powerful purposeful habits

The Common Rule by Justin Whitmel Early

I haven’t read a complete book in one day in… I don’t know how long. But I had a quiet, no-urgent-task Saturday, a beautiful fresh-breeze sunny day, and an empty back-porch couch all to myself. And I had a great book, full of authentic hopeful words that drew me in and gave nourishment to my soul.

It was a powerful combination –
one that doesn’t happen often.

I almost gave up on The Common Rule at first. It seemed a bit over-simplified, and after a number of heart-wrenching, mind-numbing, complex, and difficult years, I am not a big fan of “just do this…” kind of answers. However, the more I read, the more Justin Whitmel Earley captured me with his authenticity and his grasp of reality as he offered flexible options that could work for our many-varied steps on the journey.

Early writes about habits.

Habits of purpose,
habits that counter our decision fatigue,
habits that “form our hearts” and lead us to love. 

He recommends eight habits in the book. The habits focus on loving God and others and on refreshing our hearts while we resist those easy-to-fall-into tendencies that wear us down.

The habits are not about legalistic ritual. They are suggested to battle self-condemnation, anxiety, isolation, hurriedness, and injustice. The habits lead us toward peace, gratefulness, compassion, deeper relationships, and rest. Which one of us of doesn’t long for those things?

Earley’s habits are as simple as having one meal with others each day or turning off the phone for one hour a day. But they are not easy.

The eight habits of purpose

The most ordinary habits of limitation create
the most extraordinary lives of meaning.

So far, I have implemented into my days only parts of some of his suggested habits, but I am encouraged that even those have made a difference. In these days of so much uncertainty, chaos, and loss of routine, regular life-giving habits can provide help for building the resilience we need for the long-term changes we have in front of us. They certainly gave me hope and I think adding some habits of purpose into your life might give you hope too.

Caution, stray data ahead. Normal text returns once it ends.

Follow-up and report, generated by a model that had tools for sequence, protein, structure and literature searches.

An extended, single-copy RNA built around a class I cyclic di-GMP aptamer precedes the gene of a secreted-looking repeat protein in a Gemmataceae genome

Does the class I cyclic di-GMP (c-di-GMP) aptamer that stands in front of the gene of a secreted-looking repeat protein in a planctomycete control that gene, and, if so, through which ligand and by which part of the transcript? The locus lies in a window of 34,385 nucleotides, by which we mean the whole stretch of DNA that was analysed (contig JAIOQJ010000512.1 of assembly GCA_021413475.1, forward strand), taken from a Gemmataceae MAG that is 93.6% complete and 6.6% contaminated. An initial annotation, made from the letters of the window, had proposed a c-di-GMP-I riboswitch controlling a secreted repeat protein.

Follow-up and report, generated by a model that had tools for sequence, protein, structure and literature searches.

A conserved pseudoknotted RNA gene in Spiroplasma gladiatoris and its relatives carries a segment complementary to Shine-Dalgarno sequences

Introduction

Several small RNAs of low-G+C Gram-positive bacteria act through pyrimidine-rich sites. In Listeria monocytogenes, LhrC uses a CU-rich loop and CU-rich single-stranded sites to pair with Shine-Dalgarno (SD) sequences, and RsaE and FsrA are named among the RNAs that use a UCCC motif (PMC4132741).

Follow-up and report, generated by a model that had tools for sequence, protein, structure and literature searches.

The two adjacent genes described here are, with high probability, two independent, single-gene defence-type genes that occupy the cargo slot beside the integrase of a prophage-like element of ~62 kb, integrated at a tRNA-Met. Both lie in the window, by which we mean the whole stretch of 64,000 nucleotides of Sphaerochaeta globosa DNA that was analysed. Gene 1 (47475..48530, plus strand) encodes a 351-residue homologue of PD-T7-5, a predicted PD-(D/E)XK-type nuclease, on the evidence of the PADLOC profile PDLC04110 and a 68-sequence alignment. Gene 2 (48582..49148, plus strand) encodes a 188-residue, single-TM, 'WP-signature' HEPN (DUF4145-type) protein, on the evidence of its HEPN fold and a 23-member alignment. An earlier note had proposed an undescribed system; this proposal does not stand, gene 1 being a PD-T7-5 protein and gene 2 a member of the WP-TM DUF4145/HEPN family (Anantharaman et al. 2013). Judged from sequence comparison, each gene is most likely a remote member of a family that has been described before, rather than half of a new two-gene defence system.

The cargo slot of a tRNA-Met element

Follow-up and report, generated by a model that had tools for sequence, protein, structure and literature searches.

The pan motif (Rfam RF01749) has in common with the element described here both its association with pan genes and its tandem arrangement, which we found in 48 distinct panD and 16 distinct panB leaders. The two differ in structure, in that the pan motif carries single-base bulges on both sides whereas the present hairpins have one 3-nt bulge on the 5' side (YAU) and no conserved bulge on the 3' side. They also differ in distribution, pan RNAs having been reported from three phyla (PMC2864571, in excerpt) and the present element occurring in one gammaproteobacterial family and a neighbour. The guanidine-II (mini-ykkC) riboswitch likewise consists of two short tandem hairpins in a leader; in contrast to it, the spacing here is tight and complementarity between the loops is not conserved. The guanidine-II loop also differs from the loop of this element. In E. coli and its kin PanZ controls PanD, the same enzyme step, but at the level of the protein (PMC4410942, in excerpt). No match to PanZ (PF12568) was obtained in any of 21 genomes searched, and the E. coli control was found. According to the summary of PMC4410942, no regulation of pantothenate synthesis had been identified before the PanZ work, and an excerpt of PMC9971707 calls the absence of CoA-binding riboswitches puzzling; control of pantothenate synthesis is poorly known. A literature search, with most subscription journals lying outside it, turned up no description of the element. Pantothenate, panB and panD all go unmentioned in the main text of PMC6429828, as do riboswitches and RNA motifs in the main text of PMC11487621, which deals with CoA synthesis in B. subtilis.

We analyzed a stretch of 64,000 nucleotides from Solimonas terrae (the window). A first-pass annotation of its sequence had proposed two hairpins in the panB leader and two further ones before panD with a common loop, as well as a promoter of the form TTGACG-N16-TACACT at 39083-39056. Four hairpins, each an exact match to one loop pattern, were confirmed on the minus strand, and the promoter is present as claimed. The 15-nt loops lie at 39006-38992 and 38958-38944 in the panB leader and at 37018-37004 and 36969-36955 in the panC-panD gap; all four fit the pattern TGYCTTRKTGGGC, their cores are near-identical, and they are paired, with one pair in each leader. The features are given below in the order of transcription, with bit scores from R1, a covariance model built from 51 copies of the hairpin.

If you have read the book or read it now, please share with me what you thought about it. I’d love to hear from you.

What helpful habits do you have in your life? 

focus. focus. focus.

eyeHave a big project to finish?

Do you put it off until the last minute? Do you start well, but putter out near the end?  Do you charge through and end strong? Do you have a hard time focusing and get easily distracted?

Just this morning I emailed away my draft copy of my MA capstone paper. It felt wonderful to hit the “send” button, but it was not an easy process. The final work is still not done. I will receive feedback from the MA advisor and continue on the project until early December. I am so very ready to graduate!

To send off the draft copy, I spent the last three days completely focused on the paper. It was not an easy thing for this sunshine-loving, active extrovert to do, but necessary for the goal. I read this morning a few tips about focus by Michael Hyatt. They may come in handy in the next weeks… or they may help you!

Here’s my version of his list:

Get a good (night’s) rest. Not always easy for me to do, especially when the workload is great, but sleep is important for energy,creativity, positivity, and clear thinking. Lack of sleep makes me groggy, grouchy, and grumpy… not good for high-performance functioning. Some people find that a nap gives a quick boost.

Exercise (in the morning). I love the way I feel AFTER a workout, not before! I greatly prefer a morning run, but even a brisk walk in the evening can help keep the blood flowing and refresh the body for the task. Gotta love endorphins!

Eat a healthy (breakfast). Hyatt specifically mentions breakfast, but I’d say eat healthy all day. More protein, fruit and veggie snacks, less sugar and junk make me feel lots better when I have to put in hours of effort.

Avoid interruptions. To really make progress on the paper, I had to stay at home alone, say “no” to fun invitations from friends, and avoid social media. Hyatt suggests turning off notifications on computer and phone.

Play music. Music can distract me, but maybe this will help you. Choose music that improves your concentration.

Set a timer.  I’ve known others who do this. Concentrate hard for an hour – or any time that works for you – then take a quick stand-up, stretch, walk-around, eat-something break… and then get back to it. Sessions with a stopping point encourage us to give the best we have for that time frame.

Well, I have to get back to work now! I have some other projects to focus on. 🙂

How do you focus on an important project? Share your tips with the rest of us! 


If you’d like to read Michael Hyatt’s original post (he has lots of other good ones too!), just click here!